A Damsel in Distress (Chapter 8, page 1 of 9)

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Chapter 8

The following day was a Thursday and on Thursdays, as has been
stated, Belpher Castle was thrown open to the general public between
the hours of two and four. It was a tradition of long standing, this
periodical lowering of the barriers, and had always been faithfully
observed by Lord Marshmoreton ever since his accession to the title.
By the permanent occupants of the castle the day was regarded with
mixed feelings. Lord Belpher, while approving of it in theory, as he
did of all the family traditions--for he was a great supporter of
all things feudal, and took his position as one of the hereditary
aristocracy of Great Britain extremely seriously--heartily disliked
it in practice. More than once he had been obliged to exit hastily
by a further door in order to keep from being discovered by a drove
of tourists intent on inspecting the library or the great
drawing-room; and now it was his custom to retire to his bedroom
immediately after lunch and not to emerge until the tide of invasion
had ebbed away.

Keggs, the butler, always looked forward to Thursdays with
pleasurable anticipation. He enjoyed the sense of authority which
it gave him to herd these poor outcasts to and fro among the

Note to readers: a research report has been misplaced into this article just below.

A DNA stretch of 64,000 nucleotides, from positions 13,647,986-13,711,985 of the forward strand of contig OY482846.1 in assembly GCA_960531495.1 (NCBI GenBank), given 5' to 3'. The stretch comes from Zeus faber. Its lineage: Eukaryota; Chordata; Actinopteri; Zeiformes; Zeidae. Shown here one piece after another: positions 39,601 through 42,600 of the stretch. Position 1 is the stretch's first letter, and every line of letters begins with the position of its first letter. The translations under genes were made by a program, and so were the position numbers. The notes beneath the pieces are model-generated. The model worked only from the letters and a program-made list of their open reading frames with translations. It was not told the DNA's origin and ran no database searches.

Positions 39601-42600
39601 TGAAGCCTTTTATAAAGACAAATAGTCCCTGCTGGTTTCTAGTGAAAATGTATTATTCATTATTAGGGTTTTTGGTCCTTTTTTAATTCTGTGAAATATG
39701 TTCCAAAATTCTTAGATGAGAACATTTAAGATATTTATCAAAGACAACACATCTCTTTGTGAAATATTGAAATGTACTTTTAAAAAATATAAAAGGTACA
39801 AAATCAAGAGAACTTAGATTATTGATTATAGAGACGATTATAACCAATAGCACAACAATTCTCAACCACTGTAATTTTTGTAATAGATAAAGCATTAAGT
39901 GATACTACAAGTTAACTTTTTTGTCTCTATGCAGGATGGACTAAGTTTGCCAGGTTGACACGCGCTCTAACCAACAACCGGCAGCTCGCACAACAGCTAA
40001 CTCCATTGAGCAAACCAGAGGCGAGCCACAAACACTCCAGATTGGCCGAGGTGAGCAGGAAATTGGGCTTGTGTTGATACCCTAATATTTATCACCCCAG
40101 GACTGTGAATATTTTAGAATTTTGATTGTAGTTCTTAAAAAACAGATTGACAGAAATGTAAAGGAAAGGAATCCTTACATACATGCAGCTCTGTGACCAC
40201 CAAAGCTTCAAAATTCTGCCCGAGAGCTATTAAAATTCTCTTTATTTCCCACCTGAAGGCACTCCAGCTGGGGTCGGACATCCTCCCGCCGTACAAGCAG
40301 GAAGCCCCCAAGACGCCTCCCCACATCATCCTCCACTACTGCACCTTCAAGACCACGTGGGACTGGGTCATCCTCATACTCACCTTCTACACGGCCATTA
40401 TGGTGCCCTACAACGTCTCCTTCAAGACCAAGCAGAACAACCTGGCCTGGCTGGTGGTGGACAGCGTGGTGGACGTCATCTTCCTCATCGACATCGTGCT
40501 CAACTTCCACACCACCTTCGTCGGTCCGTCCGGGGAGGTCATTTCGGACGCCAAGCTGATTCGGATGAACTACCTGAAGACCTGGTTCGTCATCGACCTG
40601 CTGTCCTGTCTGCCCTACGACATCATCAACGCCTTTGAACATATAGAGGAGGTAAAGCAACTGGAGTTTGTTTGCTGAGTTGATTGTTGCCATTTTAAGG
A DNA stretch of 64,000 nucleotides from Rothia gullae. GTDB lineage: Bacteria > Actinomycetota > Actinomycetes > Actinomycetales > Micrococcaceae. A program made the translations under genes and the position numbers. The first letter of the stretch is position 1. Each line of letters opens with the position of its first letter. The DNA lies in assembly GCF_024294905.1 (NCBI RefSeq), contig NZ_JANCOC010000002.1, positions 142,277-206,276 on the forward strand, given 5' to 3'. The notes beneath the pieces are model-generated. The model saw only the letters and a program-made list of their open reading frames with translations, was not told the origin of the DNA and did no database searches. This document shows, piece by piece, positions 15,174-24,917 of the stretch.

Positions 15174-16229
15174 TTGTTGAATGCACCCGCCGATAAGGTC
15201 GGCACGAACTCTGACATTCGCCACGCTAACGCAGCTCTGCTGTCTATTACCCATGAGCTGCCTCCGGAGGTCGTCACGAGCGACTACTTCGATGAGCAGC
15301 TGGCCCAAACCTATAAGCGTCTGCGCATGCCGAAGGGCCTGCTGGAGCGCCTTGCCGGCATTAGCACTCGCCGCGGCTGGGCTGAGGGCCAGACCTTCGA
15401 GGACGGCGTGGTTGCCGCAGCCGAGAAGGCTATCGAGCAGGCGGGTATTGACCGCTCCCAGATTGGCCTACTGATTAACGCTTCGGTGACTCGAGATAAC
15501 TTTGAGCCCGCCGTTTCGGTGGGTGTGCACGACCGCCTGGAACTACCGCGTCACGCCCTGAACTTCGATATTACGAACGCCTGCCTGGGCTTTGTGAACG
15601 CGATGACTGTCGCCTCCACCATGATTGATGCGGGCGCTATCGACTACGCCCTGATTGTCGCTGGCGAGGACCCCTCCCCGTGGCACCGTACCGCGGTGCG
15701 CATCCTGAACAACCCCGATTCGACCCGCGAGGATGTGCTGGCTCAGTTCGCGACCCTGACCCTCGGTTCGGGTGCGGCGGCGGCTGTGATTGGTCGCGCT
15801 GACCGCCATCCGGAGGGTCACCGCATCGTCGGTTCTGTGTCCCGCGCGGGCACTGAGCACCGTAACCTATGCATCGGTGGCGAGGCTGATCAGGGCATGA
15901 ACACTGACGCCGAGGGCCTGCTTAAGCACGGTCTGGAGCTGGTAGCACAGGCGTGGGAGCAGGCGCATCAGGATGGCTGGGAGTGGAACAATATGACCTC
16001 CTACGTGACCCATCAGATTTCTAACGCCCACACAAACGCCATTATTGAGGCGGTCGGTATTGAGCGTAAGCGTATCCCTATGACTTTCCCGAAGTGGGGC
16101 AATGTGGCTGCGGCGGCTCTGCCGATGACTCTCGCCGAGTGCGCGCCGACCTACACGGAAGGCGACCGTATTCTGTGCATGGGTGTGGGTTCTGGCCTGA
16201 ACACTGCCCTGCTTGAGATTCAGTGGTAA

surroundings which were an every-day commonplace to himself. Also
he liked hearing the sound of his own voice as it lectured in
rolling periods on the objects of interest by the way-side. But
even to Keggs there was a bitter mixed with the sweet. No one was
better aware than himself that the nobility of his manner,
excellent as a means of impressing the mob, worked against him when
it came to a question of tips. Again and again had he been harrowed
by the spectacle of tourists, huddled together like sheep, debating
among themselves in nervous whispers as to whether they could offer
this personage anything so contemptible as half a crown for himself
and deciding that such an insult was out of the question. It was
his endeavour, especially towards the end of the proceedings, to
cultivate a manner blending a dignity fitting his position with a
sunny geniality which would allay the timid doubts of the tourist
and indicate to him that, bizarre as the idea might seem, there was
nothing to prevent him placing his poor silver in more worthy

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